It’s true Monckton did get Pinker’s sex wrong (golly), and there was a point about fluxes being at the surface vs top of the atmosphere, but nothing Pinker or Lambert said makes much difference to the point that matters: climate sensitivity. (When the top of atmosphere problem emerged, Monckton recalculated the climate sensitivity on the spot; it changed from “very low” to “even lower”.) Pinker herself acknowledges that Monckton’s approach is reasonable.
Monckton has over the years pointed to many reasons why climate sensitivity is low. The Pinker paper is just another one of these corroborating pieces (and it looks a doozy). Using satellite measurements, Pinker shows that more sunlight is reaching the surface of the Earth (possibly due to fewer clouds over the ocean). Over the [...]
There are dozens of the Downfall of Hitler parodies, but this one stands above. (Click on the square above to see it).
Thank you jlakey1! You made me laugh.
His theme of just how successful the big fake scam was, how close it came to success, and how completely the media prostrated themselves to be the doormats for big bankers and bureaucrats to walk on: “the public were begging for one world government” is so well described, so incisively done… I won’t do a plot spoiler. It’s only 3:54 minutes. Enjoy
Why tobacco is central to explaining Climate Science…
The Sydney Morning Herald published a speech by Penny Wong (our Minister of Climate Change, Storms, Droughts, and Rainy Days). Sometimes I marvel that humanity ever managed to get civilized.
“Climate Sceptics are all red herrings and quackery”
Get ready for the startling Proof by Motherhood Statements & WhiteWash. I’m loosely Paraphrasing Penny, taking the liberty of including the fuller more accurate message (that I’m sure she would want to share)… [then adding a few thoughts].
A strong global agreement is apparently “manifestly in Australia’s own national interest” (and worth paying billions upon billions for). Why?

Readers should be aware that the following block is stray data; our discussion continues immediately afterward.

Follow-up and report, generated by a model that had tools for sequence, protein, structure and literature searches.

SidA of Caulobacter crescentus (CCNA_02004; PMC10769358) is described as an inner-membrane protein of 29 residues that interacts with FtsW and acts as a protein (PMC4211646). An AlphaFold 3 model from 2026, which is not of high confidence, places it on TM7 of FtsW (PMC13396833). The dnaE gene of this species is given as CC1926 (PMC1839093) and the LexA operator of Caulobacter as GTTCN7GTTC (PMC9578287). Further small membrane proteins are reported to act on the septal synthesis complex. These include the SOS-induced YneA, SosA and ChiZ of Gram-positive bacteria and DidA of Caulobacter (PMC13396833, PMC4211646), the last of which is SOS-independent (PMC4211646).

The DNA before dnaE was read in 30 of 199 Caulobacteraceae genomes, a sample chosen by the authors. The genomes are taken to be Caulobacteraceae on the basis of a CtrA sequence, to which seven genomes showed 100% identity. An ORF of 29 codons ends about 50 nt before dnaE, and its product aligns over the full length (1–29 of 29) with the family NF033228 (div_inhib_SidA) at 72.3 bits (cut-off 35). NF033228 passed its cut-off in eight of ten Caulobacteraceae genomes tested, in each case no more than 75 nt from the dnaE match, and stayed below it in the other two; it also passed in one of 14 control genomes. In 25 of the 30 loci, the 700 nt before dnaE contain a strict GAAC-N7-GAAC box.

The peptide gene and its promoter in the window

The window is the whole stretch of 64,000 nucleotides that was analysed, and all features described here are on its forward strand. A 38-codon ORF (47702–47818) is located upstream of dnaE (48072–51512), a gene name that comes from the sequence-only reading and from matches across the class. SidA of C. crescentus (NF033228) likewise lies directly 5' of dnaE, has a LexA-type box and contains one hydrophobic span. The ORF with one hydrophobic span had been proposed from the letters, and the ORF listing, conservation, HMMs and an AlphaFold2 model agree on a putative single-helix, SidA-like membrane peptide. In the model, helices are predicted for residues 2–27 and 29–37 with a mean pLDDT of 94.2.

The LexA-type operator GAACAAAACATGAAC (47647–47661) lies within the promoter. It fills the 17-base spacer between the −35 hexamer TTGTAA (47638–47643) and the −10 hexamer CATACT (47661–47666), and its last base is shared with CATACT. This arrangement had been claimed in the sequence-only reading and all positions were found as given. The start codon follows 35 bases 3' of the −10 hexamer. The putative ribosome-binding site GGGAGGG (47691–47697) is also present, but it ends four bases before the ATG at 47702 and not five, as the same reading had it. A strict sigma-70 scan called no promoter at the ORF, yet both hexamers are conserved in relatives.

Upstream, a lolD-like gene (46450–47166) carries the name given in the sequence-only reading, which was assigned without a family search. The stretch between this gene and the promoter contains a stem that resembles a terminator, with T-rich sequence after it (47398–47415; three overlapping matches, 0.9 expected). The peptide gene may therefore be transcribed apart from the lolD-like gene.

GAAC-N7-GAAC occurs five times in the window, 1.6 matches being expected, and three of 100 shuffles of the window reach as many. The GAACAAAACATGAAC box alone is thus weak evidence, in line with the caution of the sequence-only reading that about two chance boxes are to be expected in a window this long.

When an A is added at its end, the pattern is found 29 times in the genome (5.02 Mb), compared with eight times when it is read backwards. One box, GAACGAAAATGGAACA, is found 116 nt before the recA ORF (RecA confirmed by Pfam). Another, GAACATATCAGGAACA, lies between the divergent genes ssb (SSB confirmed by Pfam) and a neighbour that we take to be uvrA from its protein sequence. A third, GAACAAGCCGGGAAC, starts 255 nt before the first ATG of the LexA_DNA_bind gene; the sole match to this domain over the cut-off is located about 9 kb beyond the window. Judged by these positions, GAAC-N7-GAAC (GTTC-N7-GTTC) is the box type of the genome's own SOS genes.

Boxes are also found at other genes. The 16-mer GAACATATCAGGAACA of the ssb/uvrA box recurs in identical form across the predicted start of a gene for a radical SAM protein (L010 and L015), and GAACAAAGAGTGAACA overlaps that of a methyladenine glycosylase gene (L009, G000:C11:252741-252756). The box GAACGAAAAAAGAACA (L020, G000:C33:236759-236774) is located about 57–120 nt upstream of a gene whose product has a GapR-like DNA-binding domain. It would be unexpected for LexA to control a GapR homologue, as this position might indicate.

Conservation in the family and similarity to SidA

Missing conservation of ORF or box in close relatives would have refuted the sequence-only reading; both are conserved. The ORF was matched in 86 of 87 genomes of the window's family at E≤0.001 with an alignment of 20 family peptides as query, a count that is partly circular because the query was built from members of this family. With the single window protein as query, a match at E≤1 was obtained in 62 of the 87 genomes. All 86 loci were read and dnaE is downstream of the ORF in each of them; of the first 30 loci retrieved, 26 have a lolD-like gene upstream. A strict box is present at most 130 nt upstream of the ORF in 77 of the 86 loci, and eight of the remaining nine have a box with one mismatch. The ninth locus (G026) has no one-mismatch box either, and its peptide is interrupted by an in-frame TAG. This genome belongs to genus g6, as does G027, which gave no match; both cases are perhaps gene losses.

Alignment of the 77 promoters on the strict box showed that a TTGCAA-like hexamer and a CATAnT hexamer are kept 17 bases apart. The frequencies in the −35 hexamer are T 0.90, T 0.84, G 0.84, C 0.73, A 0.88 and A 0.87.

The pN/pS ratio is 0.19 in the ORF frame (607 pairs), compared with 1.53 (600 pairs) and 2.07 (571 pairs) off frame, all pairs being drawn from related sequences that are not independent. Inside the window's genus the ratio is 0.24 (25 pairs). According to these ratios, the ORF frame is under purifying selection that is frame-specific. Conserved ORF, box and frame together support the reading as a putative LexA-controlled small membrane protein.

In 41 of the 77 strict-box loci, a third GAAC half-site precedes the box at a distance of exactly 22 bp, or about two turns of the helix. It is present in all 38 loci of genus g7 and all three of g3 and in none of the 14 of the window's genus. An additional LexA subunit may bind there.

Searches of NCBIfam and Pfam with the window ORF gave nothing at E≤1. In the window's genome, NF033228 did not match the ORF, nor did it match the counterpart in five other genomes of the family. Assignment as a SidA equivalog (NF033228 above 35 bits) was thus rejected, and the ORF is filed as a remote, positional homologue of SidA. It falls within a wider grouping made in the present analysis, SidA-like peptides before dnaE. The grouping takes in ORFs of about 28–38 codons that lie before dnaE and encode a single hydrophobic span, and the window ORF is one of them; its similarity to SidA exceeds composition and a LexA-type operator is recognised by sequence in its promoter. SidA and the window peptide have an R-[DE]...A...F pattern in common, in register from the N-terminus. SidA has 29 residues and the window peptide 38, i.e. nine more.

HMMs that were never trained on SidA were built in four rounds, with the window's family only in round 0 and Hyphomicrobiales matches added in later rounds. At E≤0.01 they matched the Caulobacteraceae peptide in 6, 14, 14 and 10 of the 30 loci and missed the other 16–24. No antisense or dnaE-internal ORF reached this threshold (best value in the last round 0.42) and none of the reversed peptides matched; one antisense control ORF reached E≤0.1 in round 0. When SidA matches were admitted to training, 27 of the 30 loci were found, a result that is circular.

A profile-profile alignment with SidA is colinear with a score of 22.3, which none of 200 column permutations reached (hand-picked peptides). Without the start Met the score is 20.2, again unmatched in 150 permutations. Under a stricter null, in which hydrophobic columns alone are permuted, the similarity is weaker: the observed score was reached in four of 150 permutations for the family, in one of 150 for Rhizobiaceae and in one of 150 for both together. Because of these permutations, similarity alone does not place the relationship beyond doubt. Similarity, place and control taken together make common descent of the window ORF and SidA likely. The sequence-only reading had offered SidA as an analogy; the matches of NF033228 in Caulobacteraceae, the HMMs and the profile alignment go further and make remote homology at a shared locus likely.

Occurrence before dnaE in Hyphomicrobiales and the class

Greenland Interglacial Temperatures – last 10,000 years. Are we headed for an ice age? (See below for more detail.)
David Lappi is a geologist from Alaska who has sent in a set of beautiful graphs–including an especially prosaic one of the last 10,000 years in Greenland–that he put together himself (and which I’ve copied here at the top).
If you wonder where today’s temperature fits in with the grand scheme of time on Earth since the dinosaurs were wiped out, here’s the history. We start with the whole 65 million years, then zoom in, and zoom in again to the last 12,000 from both ends of the world. What’s obvious is that in terms of homo sapiens history, things are warm now (because we’re not in an ice age). But, in terms of homo sapiens civilization, things are cooler than usual, and appear to be cooling.
Then again, since T-rex & Co. vanished, it’s been one long slide down the thermometer, and our current “record heatwave” is far cooler than normal. The dinosaurs would have scoffed at us: “What? You think this is warm?”
With so much volatility in the graphs, anyone could play “pick a trend” and depending [...]
Here’s why it’s possible that doubling CO2 won’t make much difference.
The carbon that’s already up in the atmosphere absorbs most of the light it can. CO2 only “soaks up” its favorite wavelengths of light, and it’s close to saturation point. It manages to grab a bit more light from wavelengths that are close to its favorite bands, but it can’t do much more, because there are not many left-over photons at the right wavelengths.
The natural greenhouse effect is real, and it does keep us warm, but it’s already reached its peak performance.
Throw more carbon up there and most of the extra gas is just “unemployed” molecules.
This graph shows the additional warming effect of each extra 20ppm of atmospheric CO2.